New bishop shows admiration for Hispanic culture at first parish Mass
Bishop Donald J. Hying reaches to greet young parishioners at St. Mary Church in East Chicago as Father Stephen Gibson and Father Jaime Perea look on during Bishop Hying's first celebration of Sunday Mass at a diocesan parish as bishop.
(Anthony D. Alonzo photo)
By Steve Euvino
Northwest Indiana Catholic
EAST CHICAGO – Standing in the narthex of St. Mary Church, Cristina Martinez was holding a welcome sign for Bishop Donald J. Hying. Taken from Psalm 118:26, the sign in Spanish read: “Blessed is he whom comes in the name of the Lord.
“I’m excited,” said Martinez, 14, a student at Bishop Noll Institute, “because he’s the bishop.”
Five days after being installed as the fourth bishop of Gary, Bishop Hying celebrated his first parish Mass at St. Mary before an overflow crowd that included music from Mariachi Santa Maria, the parish’s mariachi band.
Sarah Chavez and Tatiana Lopez, both Noll students, are members of the parish mariachi. “I was a little nervous,” Chavez said, recalling rehearsal on Friday. “It means a lot that we were able to do something as young people,” Lopez added.
Celebrating Mass on the Solemnity of the Baptism of the Lord, Bishop Hying blessed the water and then blessed the assembly. Although Father Stephen Gibson, St. Mary’s pastor, alternated comments between English and Spanish, Bishop Hying spoke only Spanish.
After Father Gibson introduced some of the parish groups represented at Mass, Bishop Hying noted, “Many groups, but one people through our baptism. I’m very honored to be here for my first Mass.”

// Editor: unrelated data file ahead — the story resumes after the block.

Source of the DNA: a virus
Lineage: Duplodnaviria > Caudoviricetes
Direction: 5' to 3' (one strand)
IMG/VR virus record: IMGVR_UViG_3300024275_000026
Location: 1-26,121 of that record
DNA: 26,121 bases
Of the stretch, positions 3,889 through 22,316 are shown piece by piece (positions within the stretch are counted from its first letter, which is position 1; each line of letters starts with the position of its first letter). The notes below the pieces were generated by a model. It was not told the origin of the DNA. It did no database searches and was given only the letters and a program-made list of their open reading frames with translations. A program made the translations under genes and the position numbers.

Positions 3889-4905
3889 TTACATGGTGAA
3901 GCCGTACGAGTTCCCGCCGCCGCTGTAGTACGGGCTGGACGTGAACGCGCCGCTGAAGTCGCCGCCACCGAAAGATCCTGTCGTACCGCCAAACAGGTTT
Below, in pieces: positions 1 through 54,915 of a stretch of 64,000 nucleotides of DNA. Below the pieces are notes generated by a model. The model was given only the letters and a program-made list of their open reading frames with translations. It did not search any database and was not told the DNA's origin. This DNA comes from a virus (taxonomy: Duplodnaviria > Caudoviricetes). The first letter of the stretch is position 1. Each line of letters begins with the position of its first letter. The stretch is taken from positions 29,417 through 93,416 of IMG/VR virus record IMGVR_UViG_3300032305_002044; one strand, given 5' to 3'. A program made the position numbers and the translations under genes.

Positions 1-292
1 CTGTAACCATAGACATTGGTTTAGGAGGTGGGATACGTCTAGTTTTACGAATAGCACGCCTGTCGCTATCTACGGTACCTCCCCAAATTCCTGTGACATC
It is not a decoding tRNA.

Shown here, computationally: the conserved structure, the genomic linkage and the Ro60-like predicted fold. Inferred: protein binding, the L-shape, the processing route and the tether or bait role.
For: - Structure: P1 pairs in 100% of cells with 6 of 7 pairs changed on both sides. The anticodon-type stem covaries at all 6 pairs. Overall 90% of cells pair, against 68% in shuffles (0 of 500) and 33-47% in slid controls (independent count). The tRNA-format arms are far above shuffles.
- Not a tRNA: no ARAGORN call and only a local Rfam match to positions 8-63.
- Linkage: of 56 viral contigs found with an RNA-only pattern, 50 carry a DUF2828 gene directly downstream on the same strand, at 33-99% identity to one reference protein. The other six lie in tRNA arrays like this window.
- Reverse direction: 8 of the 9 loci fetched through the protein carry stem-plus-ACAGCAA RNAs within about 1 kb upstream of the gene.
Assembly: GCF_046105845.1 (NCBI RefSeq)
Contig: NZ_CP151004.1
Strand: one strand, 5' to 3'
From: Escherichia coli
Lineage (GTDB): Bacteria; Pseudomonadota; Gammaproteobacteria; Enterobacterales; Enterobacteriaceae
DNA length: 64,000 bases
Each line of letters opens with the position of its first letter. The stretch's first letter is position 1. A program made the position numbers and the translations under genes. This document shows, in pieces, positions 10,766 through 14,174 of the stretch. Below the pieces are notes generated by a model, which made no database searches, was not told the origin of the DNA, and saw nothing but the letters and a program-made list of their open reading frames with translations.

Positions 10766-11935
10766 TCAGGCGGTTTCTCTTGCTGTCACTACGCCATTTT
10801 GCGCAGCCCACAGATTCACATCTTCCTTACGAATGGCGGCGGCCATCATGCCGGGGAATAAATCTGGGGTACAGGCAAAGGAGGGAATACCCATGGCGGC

Beginning his homily, the bishop said, “I can’t express completely my happiness at being with you. I’m in my house, because I’m with you.”
Bishop Hying cited the dedication of Fathers Gibson and Jaime Perea, the associate pastor, recalling how Father Gibson met him on his first day in the diocese and requested the bishop celebrate Mass at St. Mary.
Evoking some laughter by telling the assembly the only Spanish words he formerly knew were cerveza
(beer) and bano (bath or bathroom), Bishop Hying said, “I ask your patience with my Spanish and my experience as a bishop.”
Although he served nearly four years as a missionary in the Dominican Republic, the bishop confessed, “I have forgotten a few words.”
Having served in the Hispanic community, Bishop Hying said, “I have a great admiration for your culture and faith.”
Just as Jesus’ baptism marked the beginning of his earthly ministry, the bishop said, our baptism marks the start of our salvation.
“Today is a great feast day,” Bishop Hying said. “I can see in each of you the light of Jesus Christ. You are members of the Body of Christ.”
Bishop Hying reminded the assembly of the importance of their testimony and practice of faith.
“You may be the only Christ people see in their lives,” the bishop said. “As children of Christ, you have an eternal destiny. We offer glory to God for our baptism in Christ.”
Following his homily, Bishop Hying renewed the baptismal vows of the congregation, as each person held a candle during the ceremony,
A social with the bishop followed Mass in nearby Harrison Middle School.
Mario Gonzalez, a parish catechist who led children into church for Mass, said Bishop Hying’s presence was “big, because we have a large community and we’re lacking a lot of things. This is a good step, showing the bishop is with us. This can help make our community a little bit better.”
Rosa Macias, a volunteer in the parish’s immigration center, cited Bishop Hying’s background in Wisconsin and the Dominican Republic. She called the bishop’s presence at St. Mary a “very beautiful sign of love and fellowship.”
Gorka Martinez, among those photographing the Mass, said many people are suffering, adding it was important for the bishop “to say a word of hope and love, to show the Church loves poor people.”
Bishop Donald J. Hying blesses the faithful at St. Mary Church in East Chicago on Jan. 11 during his first celebration of Sunday Mass at a diocesan parish as bishop. (Anthony D. Alonzo photo)